Food is about emotional reactions. Certain smells
remind of us of our childhoods, certain tastes bring
us back ‘home’, and foods become our salvation in
times when we need comfort. There is no food that
contributes to our emotions quite like bacon does.
Traditionally, a ‘cheap cut’ reserved for peasants and
the poor, bacon has evolved into focus of a huge
cult-like following. Nowadays, you can see countless
products inspired by the cured pig belly. There is bacon
candy, bacon cupcakes, bacon design bandages, and
countless bacon internet memes.
Why is it that bacon has become such a fanatical food,
inspiring both extreme love, and hate alike? We’re
convinced that if you hate bacon, you probably also
hate babies, ponies, love, and life itself! How did bacon
become such a big thing, and where did it even come
In the following pages, we’ll answer many questions
and provide interesting facts on bacon, along with
some really awesome recipes and food porn….
Because that’s exactly what bacon is – porn for your
Let’s start at the beginning.
To start, let’s get out of the way, the question, “What is
qualified as bacon?”
ba•con [bey-kuh n]
1. The back and sides of the hog, salted and dried or
smoked, usually sliced thin.
2. Pork, cured in brine.
There are reports that suggest bacon being around as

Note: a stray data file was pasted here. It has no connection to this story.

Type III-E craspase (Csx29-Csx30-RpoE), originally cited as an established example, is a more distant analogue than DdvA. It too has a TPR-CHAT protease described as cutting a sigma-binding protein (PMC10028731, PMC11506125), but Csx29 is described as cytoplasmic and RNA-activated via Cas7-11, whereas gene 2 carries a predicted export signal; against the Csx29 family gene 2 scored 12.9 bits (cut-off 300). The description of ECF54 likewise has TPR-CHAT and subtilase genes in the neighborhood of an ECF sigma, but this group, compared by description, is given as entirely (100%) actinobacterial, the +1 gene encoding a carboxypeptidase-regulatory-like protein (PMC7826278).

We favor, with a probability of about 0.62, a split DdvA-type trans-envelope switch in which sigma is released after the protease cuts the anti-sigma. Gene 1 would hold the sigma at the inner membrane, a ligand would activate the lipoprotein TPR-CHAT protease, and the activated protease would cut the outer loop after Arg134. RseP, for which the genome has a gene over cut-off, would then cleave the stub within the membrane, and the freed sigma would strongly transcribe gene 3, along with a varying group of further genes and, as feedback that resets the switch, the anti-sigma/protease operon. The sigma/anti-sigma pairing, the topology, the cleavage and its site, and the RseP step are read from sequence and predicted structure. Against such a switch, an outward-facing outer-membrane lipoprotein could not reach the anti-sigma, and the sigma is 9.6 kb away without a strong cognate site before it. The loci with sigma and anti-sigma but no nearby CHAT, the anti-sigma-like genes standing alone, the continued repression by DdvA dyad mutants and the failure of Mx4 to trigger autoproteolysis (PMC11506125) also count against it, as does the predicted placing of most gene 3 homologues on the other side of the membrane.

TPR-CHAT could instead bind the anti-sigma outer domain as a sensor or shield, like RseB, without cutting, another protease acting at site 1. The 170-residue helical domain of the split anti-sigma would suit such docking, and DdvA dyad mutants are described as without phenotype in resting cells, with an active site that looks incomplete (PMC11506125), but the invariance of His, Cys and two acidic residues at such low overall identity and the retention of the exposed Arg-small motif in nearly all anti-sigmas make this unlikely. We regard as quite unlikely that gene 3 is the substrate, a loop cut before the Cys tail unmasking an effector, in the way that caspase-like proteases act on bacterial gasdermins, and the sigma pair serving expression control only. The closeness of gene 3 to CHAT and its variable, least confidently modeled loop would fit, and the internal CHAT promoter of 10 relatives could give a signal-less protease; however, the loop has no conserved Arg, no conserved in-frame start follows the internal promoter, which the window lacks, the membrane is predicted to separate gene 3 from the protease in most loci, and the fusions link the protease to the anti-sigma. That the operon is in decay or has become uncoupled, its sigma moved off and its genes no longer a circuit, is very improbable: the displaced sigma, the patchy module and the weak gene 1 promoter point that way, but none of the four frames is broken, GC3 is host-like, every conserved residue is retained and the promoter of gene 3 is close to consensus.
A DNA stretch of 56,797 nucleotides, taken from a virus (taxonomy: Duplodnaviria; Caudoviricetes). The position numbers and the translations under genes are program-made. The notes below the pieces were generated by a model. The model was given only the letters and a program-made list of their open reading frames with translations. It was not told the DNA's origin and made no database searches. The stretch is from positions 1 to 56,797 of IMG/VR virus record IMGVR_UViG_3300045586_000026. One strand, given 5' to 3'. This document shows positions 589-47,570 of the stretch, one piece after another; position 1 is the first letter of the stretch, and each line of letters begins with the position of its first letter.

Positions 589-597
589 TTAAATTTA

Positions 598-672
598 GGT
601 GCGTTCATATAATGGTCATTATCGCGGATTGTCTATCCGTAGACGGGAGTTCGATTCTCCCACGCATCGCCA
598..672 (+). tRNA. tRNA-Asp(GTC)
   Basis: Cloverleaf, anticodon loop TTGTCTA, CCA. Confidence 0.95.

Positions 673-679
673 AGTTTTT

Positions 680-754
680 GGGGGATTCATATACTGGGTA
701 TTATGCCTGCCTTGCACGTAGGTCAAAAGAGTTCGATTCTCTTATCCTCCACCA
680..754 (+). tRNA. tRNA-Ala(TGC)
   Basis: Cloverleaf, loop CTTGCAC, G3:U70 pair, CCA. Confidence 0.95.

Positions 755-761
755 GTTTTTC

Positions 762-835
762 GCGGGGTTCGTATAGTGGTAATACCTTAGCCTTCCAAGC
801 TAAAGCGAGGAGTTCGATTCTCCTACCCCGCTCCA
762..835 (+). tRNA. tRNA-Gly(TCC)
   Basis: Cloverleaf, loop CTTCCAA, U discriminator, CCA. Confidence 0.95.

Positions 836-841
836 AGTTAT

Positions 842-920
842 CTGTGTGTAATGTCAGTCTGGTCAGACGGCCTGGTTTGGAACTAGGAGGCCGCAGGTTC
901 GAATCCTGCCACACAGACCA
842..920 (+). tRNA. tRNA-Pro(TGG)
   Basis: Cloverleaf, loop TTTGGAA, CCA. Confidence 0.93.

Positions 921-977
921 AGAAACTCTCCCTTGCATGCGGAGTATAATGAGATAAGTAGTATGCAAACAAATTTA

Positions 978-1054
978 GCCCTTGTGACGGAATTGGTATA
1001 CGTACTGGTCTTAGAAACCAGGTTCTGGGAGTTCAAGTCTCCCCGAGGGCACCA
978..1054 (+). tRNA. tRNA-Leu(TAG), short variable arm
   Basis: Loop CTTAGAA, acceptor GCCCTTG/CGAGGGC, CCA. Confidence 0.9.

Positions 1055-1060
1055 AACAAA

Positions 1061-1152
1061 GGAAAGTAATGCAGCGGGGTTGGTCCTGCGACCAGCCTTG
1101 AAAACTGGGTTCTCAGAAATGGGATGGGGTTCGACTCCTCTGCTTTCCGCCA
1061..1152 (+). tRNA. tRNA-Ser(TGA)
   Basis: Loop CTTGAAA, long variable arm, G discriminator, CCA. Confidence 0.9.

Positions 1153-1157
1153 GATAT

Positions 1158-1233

far back as 1500 years ago in China, but as far as we
can actually trace back through documented recipes,
bacon was known to exist in ancient Roman times, then
called petaso. In modern times, we’re pretty spoiled
with our advanced technology, but back then there was
no refrigeration to preserve food. So, the techniques
of curing and pickling developed in order to keep food
for longer periods of time. Pigs were relatively easy to
domesticate, and petaso was a common dish in Roman
times, although it was quite different than how we know
bacon today. Petaso was most likely boiled with figs, and
then browned. Pigs with figs!
During the middle ages and beginning of the
Renaissance era, cured pig belly was cheap and
accessible to the peasant classes, so bacon was very
common among the masses of people in countries like
France, Italy, and England, among many other European
In 1770’s England, the industrialization of bacon begins
as John Harris of Wiltshire, England opens the first
business focusing on the sale of bacon. To this day,
Wiltshire is still considered by many, as the capital of
bacon. The British version of bacon is different than the